Sunday, March 01, 2009

Tedi


For two days, work and school social events kept me from visiting Min. When I returned to see him I thought he looked pale and sick.

"How’s Min?" I asked Joan, who was sitting in the lounge area. She was dressed in cheap black trousers and T-shirt, and looked fed-up.

"I think Min was worried about you not coming here. He kept on mentioning your name. Yesterday he refused to eat."

This brought a lump to my throat. It was gratifying that Min liked me so much, but, deeply worrying that he couldn’t cope with my short absence. "How is he today?" I asked nervously.

"Just fine," she said. "Everyone’s fine."

"Are you sure? Min seems a bit white," I said. Min looked like an anguished ghost.

"No, he’s healthy," insisted Joan.

"Has he been feeling sick?"

"No."

"There are lumps of dried food on his T-shirt," I pointed out.

"Don’t worry, Mr Kent. He’s very healthy." Joan smiled unconvincingly.

"Has the doctor been here this week?"

"Yes. We told him everyone is OK."

At this point Min vomited buckets of white stuff onto the floor.

"Sick," said Min staring at me with big anxious eyes. This was one of his rare comments.

"I’d better take him to a doctor," I said, firmly. "Is that all right?"

"Yes. I’ll come with you," said Joan. "And can little Tedi come too? He’s been very sick for two weeks."

"Two weeks!" I fumed. "You said everyone was fine! Let’s go immediately." I was still learning about the Third World, and its sometimes odd attitude to truth and accuracy.

We bundled Tedi, a pale, tearful, half-blind, eight-year-old, into the back of my van, along with Min, and drove to the nearby doctor. The clinic was in a modest middle-class house and was modest in terms of equipment and cleanliness. The walls had been long stained by dirty fingers and damp. The shy young female doctor examined Min and issued some pills.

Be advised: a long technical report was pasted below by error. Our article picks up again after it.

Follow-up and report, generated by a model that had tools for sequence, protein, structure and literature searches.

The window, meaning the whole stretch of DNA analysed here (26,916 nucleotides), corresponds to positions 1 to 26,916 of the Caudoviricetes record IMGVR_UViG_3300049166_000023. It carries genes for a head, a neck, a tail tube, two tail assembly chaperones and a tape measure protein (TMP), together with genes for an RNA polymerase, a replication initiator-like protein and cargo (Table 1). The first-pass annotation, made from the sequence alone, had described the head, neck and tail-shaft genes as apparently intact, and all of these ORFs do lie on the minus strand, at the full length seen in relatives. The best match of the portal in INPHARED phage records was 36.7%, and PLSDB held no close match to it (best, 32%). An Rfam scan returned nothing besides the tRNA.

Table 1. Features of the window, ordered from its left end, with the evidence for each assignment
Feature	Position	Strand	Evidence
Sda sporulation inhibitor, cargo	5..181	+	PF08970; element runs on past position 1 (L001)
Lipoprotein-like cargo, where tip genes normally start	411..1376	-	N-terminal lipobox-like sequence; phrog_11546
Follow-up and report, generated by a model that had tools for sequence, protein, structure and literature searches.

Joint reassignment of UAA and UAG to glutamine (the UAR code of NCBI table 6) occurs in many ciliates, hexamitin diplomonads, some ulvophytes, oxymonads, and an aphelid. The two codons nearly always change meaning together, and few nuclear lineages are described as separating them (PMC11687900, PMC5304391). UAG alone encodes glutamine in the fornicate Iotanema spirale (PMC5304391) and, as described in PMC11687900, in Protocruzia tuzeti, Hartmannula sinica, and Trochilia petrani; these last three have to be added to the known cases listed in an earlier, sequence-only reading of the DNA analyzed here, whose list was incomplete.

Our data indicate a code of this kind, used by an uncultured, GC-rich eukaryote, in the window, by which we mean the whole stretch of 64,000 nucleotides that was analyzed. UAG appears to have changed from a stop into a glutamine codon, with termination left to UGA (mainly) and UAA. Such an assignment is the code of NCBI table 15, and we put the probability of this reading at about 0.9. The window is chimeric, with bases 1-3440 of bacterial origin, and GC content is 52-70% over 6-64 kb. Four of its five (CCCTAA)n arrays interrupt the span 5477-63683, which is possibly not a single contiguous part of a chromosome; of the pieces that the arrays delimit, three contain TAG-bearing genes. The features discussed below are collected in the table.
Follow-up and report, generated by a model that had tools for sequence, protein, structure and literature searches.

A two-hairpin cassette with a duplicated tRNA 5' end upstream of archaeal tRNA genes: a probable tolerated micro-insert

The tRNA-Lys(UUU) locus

"What’s wrong with Min?" I asked.

"Nothing serious," said the doctor. "His temperature is normal. Blood pressure’s OK. Just something he’s eaten."

Half blind Tedi was examined next.

"Tedi will need to go to the hospital," said the doctor. "He has a high fever and is dehydrated. It’s urgent that he gets onto a drip."

"I’ll pay for his treatment," I said.

"We’ll have to ask the permission of Ibu Ani," said Joan. "Tedi’s mother lives far away in Central Java. It would take days to contact her."

We got back into the van and drove the short distance to the old, Dutch-style bungalow of Ibu Ani, the elderly lady who had built Wisma Utara for her Down’s Syndrome son. Tedi stayed in my van while the rest of us sat on chairs in the garden. Joan and I explained the situation regarding Tedi, but Ibu Ani didn’t seem keen to discuss the subject. She looked grey and tired.

"How are you liking Jakarta?" Ibu Ani asked me.

"It’s great, but I’m here to ask about Tedi," I pointed out.

"And is Min liking Wisma Utara?" continued Ibu Ani.

"Yes, but what about Tedi?" I said.

"His mother must deal with the problem," said the Ibu, quietly. "That’s the policy."

"But his mother will take days to contact," I said.

"There’s nothing we can do," said Ibu Ani.

"But the doctor says Tedi must get onto a drip immediately. I’ll pay for the treatment."

The arguments were repeated over and over again for thirty minutes until I think I simply wore her down. She agreed to Tedi going to the Pertama hospital.

In the emergency room at the hospital, Tedi was given a blood test, put on a drip and taken to the children’s ward.

"It’s almost certainly Typhoid," said the doctor. "It’s a pity he didn’t come to the hospital a bit sooner. We’ll need to hope no complications set in."

~

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